Do you have food sensitivities and digestive troubles? Do you sometimes suffer from PMS? Well, if you're looking for answers, Christina Najjar, RHN and Clinical Practitioner is here to help make those issues easy to navigate! The best part? She's doing it right on Meal Garden, and is the latest addition to our Meal Expert program - at your service!
We asked Christina to share some tips about what foods to eat to help reduce PMS symptoms...here's her advice:
You’re out for dinner with your family, when you feel those darn cramps come on and worsen by the second. Then, that splitting headache begins, and you can’t even focus on what’s going on around you anymore. Did mom say something? You try to put together a one word answer so she’ll get off your back and you can go back to suffering in silence. You don’t WANT to be mean, but you can’t help it right now.
If your PMS looks a little like that, there is something you should know. It’s not a normal reaction, and it’s not just “part of being a woman”.
PMS, short for Pre-Menstrual Syndrome, is a category of symptoms that includes cramping, mood swings, bloating, acne, headaches, and the list goes on. PMS is the result of imbalances in the body.
Two of the female sexual hormones, estrogen and progesterone, need to be in balance with each other. Many women who suffer from PMS have too much estrogen in relation to progesterone. This can often be the result of a sluggish liver that struggles to regulate hormones as it should.
In some cases, excess estrogen is also the result of slow digestion. When estrogen has fulfilled its purpose in the body, it is “deactivated” by the liver. It then exits the body through the digestive system. If it takes too long to move through your digestive system, some organisms in your gut can reactivate it, and it circulates in your body again.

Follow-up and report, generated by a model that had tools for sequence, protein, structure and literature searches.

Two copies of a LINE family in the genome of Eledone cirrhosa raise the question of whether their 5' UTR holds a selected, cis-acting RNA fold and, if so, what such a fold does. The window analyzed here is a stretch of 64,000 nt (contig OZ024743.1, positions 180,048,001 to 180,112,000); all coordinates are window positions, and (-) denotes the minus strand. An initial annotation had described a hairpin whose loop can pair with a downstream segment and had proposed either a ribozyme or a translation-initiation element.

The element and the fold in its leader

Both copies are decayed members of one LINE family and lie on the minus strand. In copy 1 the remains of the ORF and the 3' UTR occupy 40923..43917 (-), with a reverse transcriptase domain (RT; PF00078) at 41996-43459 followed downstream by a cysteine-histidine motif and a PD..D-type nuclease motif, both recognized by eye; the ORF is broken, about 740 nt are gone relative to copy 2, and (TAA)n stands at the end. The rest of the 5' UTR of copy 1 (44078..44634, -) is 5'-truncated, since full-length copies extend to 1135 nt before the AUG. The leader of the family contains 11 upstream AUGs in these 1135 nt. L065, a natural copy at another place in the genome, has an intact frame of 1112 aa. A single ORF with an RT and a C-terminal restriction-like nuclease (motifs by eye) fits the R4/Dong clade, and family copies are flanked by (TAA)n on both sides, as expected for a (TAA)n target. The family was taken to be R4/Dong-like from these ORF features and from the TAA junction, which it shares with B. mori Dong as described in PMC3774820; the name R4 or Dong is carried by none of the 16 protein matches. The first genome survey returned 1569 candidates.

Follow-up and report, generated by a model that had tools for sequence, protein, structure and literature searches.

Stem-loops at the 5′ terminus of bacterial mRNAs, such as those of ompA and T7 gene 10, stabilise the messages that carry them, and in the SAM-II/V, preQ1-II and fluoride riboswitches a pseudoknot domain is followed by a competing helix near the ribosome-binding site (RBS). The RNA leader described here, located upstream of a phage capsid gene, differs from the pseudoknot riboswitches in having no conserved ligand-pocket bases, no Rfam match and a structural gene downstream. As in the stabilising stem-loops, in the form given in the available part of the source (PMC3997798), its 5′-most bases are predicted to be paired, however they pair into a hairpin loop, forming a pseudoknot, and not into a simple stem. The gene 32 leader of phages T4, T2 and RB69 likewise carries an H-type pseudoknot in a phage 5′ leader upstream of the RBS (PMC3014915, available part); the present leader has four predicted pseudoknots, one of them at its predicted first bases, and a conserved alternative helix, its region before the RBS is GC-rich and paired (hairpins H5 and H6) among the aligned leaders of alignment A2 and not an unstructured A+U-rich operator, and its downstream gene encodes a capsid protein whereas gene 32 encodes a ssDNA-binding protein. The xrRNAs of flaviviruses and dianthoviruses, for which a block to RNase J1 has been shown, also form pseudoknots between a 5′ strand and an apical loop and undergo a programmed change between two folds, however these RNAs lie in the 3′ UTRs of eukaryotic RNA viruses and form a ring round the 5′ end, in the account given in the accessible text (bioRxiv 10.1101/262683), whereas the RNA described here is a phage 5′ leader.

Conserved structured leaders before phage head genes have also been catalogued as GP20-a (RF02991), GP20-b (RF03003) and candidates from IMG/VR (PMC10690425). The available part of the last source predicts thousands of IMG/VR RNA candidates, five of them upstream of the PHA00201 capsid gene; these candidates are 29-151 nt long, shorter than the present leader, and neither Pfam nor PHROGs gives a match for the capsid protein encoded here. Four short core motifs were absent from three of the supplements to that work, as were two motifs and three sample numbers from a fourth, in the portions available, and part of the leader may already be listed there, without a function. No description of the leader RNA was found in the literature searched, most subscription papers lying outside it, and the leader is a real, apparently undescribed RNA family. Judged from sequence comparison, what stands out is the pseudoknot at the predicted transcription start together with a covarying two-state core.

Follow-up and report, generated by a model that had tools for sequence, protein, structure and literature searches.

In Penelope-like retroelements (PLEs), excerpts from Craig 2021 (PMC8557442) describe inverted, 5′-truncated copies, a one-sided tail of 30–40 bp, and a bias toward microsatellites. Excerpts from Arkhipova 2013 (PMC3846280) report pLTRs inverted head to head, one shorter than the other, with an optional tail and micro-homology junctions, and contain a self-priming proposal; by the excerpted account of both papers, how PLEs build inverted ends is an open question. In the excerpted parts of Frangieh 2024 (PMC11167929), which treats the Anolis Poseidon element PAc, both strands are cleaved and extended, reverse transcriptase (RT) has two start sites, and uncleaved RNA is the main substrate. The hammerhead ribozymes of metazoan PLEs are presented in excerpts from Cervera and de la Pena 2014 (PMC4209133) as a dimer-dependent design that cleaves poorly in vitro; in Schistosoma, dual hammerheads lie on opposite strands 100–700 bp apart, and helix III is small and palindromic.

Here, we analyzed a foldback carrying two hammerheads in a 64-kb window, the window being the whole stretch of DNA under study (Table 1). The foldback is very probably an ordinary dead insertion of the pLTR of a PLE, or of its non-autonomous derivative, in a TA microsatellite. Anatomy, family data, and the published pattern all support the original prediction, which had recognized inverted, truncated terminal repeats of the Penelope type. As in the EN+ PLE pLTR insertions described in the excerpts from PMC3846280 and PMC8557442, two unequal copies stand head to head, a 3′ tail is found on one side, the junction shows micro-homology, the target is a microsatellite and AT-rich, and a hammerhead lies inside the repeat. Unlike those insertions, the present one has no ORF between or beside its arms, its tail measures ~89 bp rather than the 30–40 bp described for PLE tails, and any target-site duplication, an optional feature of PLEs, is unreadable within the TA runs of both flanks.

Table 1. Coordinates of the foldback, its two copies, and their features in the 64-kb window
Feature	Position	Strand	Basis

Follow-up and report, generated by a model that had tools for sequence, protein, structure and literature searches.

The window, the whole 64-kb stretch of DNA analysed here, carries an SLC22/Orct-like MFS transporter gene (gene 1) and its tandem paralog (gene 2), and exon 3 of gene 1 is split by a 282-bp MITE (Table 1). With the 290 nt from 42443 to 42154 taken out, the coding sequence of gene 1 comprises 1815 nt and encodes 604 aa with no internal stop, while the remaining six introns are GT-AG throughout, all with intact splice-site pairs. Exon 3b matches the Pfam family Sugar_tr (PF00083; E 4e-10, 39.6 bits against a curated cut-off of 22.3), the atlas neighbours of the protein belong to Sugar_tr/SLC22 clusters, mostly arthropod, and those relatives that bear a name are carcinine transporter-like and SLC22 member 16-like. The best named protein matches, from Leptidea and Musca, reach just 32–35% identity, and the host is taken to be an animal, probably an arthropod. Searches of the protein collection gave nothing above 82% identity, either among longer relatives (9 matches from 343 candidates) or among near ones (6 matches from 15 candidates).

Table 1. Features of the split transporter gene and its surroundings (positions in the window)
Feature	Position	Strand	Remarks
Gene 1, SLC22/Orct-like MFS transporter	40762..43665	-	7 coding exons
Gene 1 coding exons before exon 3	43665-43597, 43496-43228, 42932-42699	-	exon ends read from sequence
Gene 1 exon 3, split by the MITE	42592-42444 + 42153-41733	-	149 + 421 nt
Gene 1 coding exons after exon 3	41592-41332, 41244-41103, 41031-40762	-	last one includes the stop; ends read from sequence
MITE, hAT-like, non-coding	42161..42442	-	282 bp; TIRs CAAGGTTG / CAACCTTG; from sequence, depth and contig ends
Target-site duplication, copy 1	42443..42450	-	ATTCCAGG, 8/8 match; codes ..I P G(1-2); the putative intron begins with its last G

But don’t despair! Nutrition is your friend.
In order to support your liver, eat cruciferous vegetables. These are vegetables from the cabbage family, which also includes broccoli, kale, radishes, beets and many more. They contain a compound called I3C which assists your liver with detoxification. They also contain some B vitamins that are essential for the health of your reproductive system - to reduce PMS. Combine some of these vegetables with this fibre-rich side dish:
In addition to these foods, it is a good idea to reduce inflammatory foods like gluten, dairy, and sugar. Inflammation leads to PMS symptoms in many people. Reducing these foods may seem like a big commitment, but it’s much easier to do with fresh ingredients than packaged foods. Try this recipe:
And pair it with this salad:
Or, if you don’t eat meat, try something like this:
While making these changes won’t get rid of your PMS symptoms overnight, they can help reduce symptoms over the long term. If you need relief right away and don’t want to use drugs, download the PMS Survival Guide.